. - Western KY Congressman James Comer hosted a river industry event in Paducah with Southeast Missouri Congressman Jason Smith and Western TN Congressman David Kustoff for a panel discussion about the area's inland waterways with local businesses and industry leaders.
The three Congressmen were there to listen to the people and learn more from the industry leaders so they can better represent Congress to make sure there is adequate infrastructure for the inland waterways. Also, to better understand the economic impact that the waterways and industries have for Heartland area.
"We all have a common theme which is rivers," Smith said. "Whether it's the Mississippi in the Cape region or the Ohio, the Tennessee or the Illinois. All the different rivers that are affecting us, it's a economic viability that affects all of us. In Congress, you need to work together. It's much easier to be a voice of three than a voice of one when we are pushing issues that's affecting our region."
"We have some major pieces of legislation that are coming down before Congress very soon," Comer stated. "The infrastructure bill, the farm bill which obviously having viable inland waterways has a huge a huge impact on the price of grain up and down the river on each side."
Comer mentioned the effects on grain prices up river after a Kentucky lock and dam went down recently. This being one of many reasons he said why this meeting was important.
"It was down for three weeks and had a detrimental effect for the price of grain in that area," Comer said. "Farmers were having to transport on the roads to below the lock and dam that was broken to try to get their grain on a barge. That clogs up the highway system. We need to have a viable inland waterway system."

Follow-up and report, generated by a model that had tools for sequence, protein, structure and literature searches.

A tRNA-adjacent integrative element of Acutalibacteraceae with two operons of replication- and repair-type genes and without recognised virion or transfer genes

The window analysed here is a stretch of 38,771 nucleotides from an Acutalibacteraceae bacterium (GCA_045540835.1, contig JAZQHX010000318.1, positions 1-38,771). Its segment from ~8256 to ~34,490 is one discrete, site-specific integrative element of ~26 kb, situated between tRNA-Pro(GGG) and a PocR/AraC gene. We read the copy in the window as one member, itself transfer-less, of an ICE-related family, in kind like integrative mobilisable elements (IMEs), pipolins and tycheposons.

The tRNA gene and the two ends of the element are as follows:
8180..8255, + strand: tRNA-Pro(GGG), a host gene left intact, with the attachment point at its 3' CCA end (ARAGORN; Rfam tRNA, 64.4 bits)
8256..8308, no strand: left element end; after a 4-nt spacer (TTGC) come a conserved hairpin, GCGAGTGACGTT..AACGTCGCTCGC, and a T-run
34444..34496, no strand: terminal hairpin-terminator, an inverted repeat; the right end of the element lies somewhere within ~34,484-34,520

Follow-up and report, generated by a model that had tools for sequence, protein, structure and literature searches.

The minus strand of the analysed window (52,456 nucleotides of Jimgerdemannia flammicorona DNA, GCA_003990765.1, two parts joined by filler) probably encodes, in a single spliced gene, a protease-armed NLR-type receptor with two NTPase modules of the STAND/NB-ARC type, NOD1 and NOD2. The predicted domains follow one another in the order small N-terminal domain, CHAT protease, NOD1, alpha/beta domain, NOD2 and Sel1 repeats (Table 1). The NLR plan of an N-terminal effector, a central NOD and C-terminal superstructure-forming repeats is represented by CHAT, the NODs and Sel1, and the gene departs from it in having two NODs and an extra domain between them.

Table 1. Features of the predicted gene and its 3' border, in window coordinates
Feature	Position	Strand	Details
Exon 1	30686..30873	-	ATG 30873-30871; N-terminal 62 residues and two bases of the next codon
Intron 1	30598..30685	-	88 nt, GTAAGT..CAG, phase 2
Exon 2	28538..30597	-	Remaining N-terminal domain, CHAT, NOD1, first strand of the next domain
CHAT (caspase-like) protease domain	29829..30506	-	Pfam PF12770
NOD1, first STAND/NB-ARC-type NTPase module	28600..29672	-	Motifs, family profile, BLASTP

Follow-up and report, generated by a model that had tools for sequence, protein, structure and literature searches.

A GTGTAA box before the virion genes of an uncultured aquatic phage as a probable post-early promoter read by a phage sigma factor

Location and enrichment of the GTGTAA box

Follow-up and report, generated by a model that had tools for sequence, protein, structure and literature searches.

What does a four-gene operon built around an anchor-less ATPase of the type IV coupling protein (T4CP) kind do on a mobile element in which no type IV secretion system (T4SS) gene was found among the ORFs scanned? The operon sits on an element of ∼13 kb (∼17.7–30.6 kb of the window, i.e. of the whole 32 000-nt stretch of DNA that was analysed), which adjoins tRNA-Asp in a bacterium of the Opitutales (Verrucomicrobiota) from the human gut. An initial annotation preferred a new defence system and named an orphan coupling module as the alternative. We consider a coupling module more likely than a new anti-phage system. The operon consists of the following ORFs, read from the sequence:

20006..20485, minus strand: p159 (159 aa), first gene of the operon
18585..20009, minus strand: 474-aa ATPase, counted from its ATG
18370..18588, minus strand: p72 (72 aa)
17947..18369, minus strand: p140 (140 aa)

Comer added that the infrastructure are in a bad need of repair and that the inland waterways are a significant part of infrastructure in America.
Kustoff also said that we shouldn't wait and that the time is now to do something.
"The longer we defer this maintenance, the longer defer the expenditures, the more expensive it's going to become in the years to come," Kustoff said.
Smith also estimates that the transportation of products in inland waterways is 550 tons.
"That's huge." Smith added. "When you're looking at Southeast Missouri where I represent, all of our grains and products, that's where they go to the multiple ports along the Mississippi."
Smith also said the inland waterways are important for other areas as well.
"The inland waterways are so important but it's also from flood recovery and flooding," Smith said. "There's a lot of help that Kentucky Lake does in making sure in controlling the waterways of how it will crest in Cairo."
Overall, the Congressmen felt they learned a lot with the panel discussion and assure the people that they are in good hands.
"I think we have people in place that will ensure that the inland waterways and all stakeholders are well represented as we move forward," Comer said.